To determine the structure of a protein is relatively difficult as compared to find the sequences of the protein. Usha and Selvaraj [11] first identify adenine as well as guanine in proteins using structural information. This was the innovator work on molecular discrimination and recognition. In Ref. [12], ATPint was designed. This was the first ATP site predictor which was developed using sequences-based information. ATPint used PSSM [13] and 7 other sequential descriptors as features. ATPint used SVMs as a classifier. The accuracy of ATPint was 0.66 and Matthews correlation coefficient (MCC) was 0.33. In 2012, Yu et al. [14] developed the Adaboost model to address the imbalanced dataset problem. He achieved better performance than ATPint and ATP site [15]. He called this method TargetATP. Gao et al. [16] in 2019 attempted to extract input features most effective from PSSM and trained on support vector machine classifier in order to classify ATP and non-ATP sites. The area under the curve (AUC) of the classifying technique has a value of 0.899 which shows most of the information regarding binding sites is concealed in sequences. Arif et al. [17] in 2020 used the gradient boosting technique. It also includes two layers, the first was the KNN layer and the second was the threshold layer. It was thought that the deeper model would perform better. Hu et al. [18] in 2018 proposed a method called ATPbind. This method used a hybrid approach to predict ATP-sites in proteins. It means it used sequentially as well as structural information.

DeepATP was built by Nguyen et al. [19] to predicted ATP-binding residues. It used two-dimension convolutional neural networks architecture. They addressed the issue of the imbalance dataset and acquire a very high AUC of 0.991 on the independent dataset. Deeper Bind is developed by Hassanzadeh and Wang [20] for DNA protein binding prediction. They used CNN and RNN. Song et al. [21] developed a technique for protein ATP-binding sites prediction by using two convolutional neural networks architectures which comprised a residual-inception as well as a multi-inception-based predictor. These two methods contain sequence-based information. The final prediction results from an ensemble learning method that takes input from the two predictors. Dataset227 and dataset429 are used in this study. In all methods either in Machine learning or deep learning, different sets of the same features have been used. One thing that is common in them is that all the methods used a Position-specific scoring matrix as their main features. It is a common perception that evolutionary features can predict better. If I summarize the literature work, ATP prediction has been done with SVM, KNN, RF and CNN with PSSM as features (Although other features have been used but they have very little effect on performance) and imbalanced problems handled by undersampling, oversampling and weighted cross entropy metric. Often the experiment is performed to collect data and data is obtained using sensors [22–24]. Once the data is obtained, then machine learning (ML) algorithms are applied to achieve prediction results [25].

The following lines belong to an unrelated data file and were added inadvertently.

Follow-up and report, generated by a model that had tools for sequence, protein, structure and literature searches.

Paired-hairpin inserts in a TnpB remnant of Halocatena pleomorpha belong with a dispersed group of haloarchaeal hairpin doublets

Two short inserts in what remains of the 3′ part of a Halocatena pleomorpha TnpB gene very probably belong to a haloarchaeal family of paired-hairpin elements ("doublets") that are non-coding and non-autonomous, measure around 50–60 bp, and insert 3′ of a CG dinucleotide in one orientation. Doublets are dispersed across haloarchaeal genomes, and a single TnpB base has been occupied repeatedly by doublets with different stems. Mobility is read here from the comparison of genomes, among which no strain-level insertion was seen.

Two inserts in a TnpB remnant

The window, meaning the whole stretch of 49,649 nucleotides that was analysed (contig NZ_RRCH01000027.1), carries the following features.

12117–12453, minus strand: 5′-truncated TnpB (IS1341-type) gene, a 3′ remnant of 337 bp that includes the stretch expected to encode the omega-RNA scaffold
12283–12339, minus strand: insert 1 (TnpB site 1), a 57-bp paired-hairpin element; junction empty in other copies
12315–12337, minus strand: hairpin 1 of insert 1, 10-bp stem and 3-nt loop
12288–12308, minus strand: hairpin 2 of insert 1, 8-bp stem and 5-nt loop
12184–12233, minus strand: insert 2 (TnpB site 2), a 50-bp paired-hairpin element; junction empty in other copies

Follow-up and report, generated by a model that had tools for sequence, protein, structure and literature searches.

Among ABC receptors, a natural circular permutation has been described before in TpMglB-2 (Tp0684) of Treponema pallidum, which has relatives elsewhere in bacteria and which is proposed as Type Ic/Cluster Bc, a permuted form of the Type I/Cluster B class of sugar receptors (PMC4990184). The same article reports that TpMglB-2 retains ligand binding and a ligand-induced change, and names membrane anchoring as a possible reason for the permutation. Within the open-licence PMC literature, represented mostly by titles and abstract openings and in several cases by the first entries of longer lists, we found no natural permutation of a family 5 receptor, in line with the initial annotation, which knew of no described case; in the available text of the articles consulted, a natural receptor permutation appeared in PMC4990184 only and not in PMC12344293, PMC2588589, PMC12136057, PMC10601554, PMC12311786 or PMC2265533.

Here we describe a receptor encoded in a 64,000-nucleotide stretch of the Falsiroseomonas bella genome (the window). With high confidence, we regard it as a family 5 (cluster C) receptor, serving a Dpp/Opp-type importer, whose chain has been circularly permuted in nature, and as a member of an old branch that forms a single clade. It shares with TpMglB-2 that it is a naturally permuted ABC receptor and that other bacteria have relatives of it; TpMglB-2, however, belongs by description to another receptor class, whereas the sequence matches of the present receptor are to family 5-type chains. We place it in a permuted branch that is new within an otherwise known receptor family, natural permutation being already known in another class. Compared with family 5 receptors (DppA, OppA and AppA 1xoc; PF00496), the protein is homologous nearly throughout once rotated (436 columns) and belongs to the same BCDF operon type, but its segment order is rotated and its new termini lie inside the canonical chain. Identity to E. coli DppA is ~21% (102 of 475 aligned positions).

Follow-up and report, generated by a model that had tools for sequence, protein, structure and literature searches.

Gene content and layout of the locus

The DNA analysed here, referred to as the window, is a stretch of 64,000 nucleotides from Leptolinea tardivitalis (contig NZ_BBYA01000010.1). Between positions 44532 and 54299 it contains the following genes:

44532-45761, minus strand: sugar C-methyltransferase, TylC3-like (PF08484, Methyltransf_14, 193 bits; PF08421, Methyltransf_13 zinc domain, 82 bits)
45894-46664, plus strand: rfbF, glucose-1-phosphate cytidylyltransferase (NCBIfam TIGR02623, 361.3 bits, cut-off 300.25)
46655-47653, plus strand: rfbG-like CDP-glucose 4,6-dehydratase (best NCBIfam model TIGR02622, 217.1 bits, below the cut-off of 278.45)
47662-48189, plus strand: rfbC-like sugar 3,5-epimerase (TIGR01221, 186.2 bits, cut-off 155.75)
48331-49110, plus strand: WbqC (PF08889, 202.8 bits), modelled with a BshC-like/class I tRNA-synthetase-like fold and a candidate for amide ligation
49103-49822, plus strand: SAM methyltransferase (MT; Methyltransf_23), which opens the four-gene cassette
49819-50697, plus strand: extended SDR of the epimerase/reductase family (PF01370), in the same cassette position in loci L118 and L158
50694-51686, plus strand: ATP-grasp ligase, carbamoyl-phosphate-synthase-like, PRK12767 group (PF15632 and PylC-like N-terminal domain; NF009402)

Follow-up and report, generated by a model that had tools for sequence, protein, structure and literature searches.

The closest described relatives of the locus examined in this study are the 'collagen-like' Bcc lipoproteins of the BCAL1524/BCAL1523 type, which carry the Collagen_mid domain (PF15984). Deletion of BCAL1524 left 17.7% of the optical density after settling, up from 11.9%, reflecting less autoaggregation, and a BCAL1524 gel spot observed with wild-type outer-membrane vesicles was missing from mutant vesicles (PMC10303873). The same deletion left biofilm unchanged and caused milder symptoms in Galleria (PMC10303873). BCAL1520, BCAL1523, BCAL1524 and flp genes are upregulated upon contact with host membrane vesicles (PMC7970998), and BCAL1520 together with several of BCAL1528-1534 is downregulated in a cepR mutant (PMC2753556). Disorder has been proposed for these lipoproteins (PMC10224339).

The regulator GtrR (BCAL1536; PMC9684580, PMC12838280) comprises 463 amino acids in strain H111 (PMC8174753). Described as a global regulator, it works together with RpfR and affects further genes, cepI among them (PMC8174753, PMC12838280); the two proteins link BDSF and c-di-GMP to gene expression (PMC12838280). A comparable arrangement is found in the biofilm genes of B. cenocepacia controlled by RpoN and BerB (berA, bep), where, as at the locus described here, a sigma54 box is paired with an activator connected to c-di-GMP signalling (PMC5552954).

This method provides a prediction method Instead of PSSM and uses 2-mer vector as a feature. It is found that the 2-mer feature [26] vector for our model is as follows: 1. A Cartesian product of two vectors having 20 universal amino acids in each, results in a vector of dimension 400. 2. After finding all the unique sequences of length two in the query, the algorithm searches them in a 2-mer feature vector, found in step 1. Replace the sub-sequences in the 2-mer feature vector which is present in the query vector with numeric value 1 and replace the other subsequences of the 2-mer feature vector which is not present in the query with numeric value 0. This results in a feature vector of our query sample and at this point, the accomplished vector is normalization. This feature vector is simply computed but has very high performance. Overall, five different models included KNN, Conv1D [27], XGBoost, SVM and Random Forest are trained and tested. SVM gave the best performance on these features. Our model gave an accuracy of 0.96, MCC 0.90 and ROC-AUC 0.99, which are the same or even better in some aspects than the state of the art results.

2 Method

2.1 Window size

A single amino acid is an example but the order and presence of other amino acids around it play an important role. The number of neighboring amino acids considered as a sample is called window size. For instance, if one takes seven amino acids on each side of the sample amino acid then the size of the query would be fifteen which is its window size. In the literature review, it can be seen that the window size affects results to some extent. Windows of sizes 15, 17, 19 and 21 are used. Among them, 21 works best.

2.2 Feature vector

A 2-mer vector is used as a feature in the proposed method. To compute a 2-mer vector, the following steps have to be followed. Find all the possible pairs of 20 universal amino acids. In this way, there are 400 distinct pairs of amino acids. A 2-mer vector is a 400 X 1-dimension vector with each place representing a pair of amino acids. The existence of a particular pair in a query is represented by 1 and absent by 0. If the pair exists more than once, then it is also counted by replacing 1 with the number of existences. This results in a feature vector of our query sample.